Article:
Storing Renewable Energy
First, thanks to all who provided input for the renewable diesel essay. The comments were useful, and will help me to strengthen the chapter. Second, I had said that today I would comment on Benjamin Cole’s Seamless Transition to a Post-Fossil Economy. Frankly, I think other readers adequately addressed this, and even Benjamin realizes that a seamless transition is unlikely. So I will leave that one as is.
One of my major interests is storage systems for renewable energy options that would be characterized as intermittent. Solar and wind would fall into this category, and their intermittency really limits their ultimate potential. If wind turbines must be backed up by coal-fired power plants, it lessens the benefit. Therefore, the development of storage systems for intermittent sources of renewable energy is critical.
Previously, I wrote about Compressed Air Energy Storage (CAES). This is a system in which excess energy is used to pump compressed air into a storage cavern, which can then be bled off through a turbine when the wind is not blowing. There are clearly limitations to such a system. One must have access to both a good source of wind power, and a large, airtight cavern. This will limit CAES to specific niches.
However, this weekend I read about a system which, if successfully commercialize, would be more universally applicable. These ideas are to solar what CAES is to wind:
First they frame the problem:
Scientists and engineers are struggling to find ways around a major obstacle to the growth of renewable energy: the fact that inexhaustible sources of energy, such as the sun and the wind, are undependable.
Solar power doesn’t work at night or on cloudy days. Wind is notoriously fickle, often dying down in the late afternoon just as electricity demand is peaking.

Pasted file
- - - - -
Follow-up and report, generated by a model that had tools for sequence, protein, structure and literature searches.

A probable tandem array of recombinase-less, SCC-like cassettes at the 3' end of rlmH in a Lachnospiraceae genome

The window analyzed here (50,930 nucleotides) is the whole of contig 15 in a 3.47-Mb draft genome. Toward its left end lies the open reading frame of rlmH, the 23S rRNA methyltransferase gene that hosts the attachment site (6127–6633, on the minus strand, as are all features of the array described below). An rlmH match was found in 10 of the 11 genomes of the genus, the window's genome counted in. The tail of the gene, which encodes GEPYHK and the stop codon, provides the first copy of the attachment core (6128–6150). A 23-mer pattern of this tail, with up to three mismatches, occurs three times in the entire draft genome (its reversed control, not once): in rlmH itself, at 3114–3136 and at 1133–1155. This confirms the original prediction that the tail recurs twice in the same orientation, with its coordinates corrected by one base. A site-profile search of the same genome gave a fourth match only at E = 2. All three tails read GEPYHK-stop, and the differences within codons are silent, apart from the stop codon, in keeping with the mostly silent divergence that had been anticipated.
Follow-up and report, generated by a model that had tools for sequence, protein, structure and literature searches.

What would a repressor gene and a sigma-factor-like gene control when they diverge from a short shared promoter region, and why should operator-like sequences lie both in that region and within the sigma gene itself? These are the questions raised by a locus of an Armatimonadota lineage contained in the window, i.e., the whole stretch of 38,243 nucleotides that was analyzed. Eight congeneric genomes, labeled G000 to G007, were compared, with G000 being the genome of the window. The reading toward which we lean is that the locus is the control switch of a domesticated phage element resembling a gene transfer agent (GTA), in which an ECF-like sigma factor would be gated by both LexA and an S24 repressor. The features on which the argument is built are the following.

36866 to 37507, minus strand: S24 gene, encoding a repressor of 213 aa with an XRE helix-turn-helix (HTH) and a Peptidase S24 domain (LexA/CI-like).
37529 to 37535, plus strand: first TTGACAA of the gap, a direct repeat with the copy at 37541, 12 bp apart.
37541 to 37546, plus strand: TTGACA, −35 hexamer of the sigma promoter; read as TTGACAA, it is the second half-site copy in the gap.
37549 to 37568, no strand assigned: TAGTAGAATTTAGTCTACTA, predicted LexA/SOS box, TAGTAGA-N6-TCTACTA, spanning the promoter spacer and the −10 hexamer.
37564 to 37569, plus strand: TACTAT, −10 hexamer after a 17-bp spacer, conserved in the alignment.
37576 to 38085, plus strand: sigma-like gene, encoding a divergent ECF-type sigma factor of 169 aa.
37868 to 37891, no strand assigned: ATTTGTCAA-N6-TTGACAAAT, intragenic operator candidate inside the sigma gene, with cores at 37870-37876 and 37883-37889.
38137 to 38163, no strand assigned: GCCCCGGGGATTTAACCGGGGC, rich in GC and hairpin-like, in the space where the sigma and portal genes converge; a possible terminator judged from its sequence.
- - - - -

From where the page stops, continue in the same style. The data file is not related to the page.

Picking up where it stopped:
Then they cover the research under way:
The Department of Energy is researching ways to store energy at solar power plants that use thousands of mirrors to concentrate the sun’s rays on pipes filled with oil. The oil, heated to 750 degrees Fahrenheit, turns water into steam, which drives an electric power generator.
In one design from the Sandia National Laboratory in Albuquerque, N.M., excess heat is channeled into tanks of molten salt – a mixture of sodium, potassium and nitrogen that melts at 430 degrees Fahrenheit – where it can be stored for up to a week. The stored heat then can be transferred to a “heat exchanger” to boil water to make steam to run a generator at night or whenever necessary. Several power plants under construction in Spain plan to use this concept.
Another approach being tested at the University of Stuttgart in Germany would run pipes of fluid heated by the sun through a solid block of concrete. The concrete holds the heat for later use. To recover it, cold fluid is passed through the pipes, picking up heat on the way.
Molten salt is already used in some applications in the chemical industry to dampen temperature fluctuations in reactors. Even loss of power to a chemical plant would result in the reactor maintaining something close to reaction temperature, allowing a much quicker restart when power is restored. So, this is not pie-in-the-sky. These technologies are in use. I am glad to see that someone is attempting to use them to store solar energy, because I firmly believe it is the future.
In fact, I did a calculation this weekend for the book chapter I am writing that I believe demonstrates that there is no way we will be able to grow our way out of our petroleum dependence. The efficiency of photosynthesis is just too low to make that possible on the land we have available. So, in the long run it has to be solar, wind, and probably nuclear power.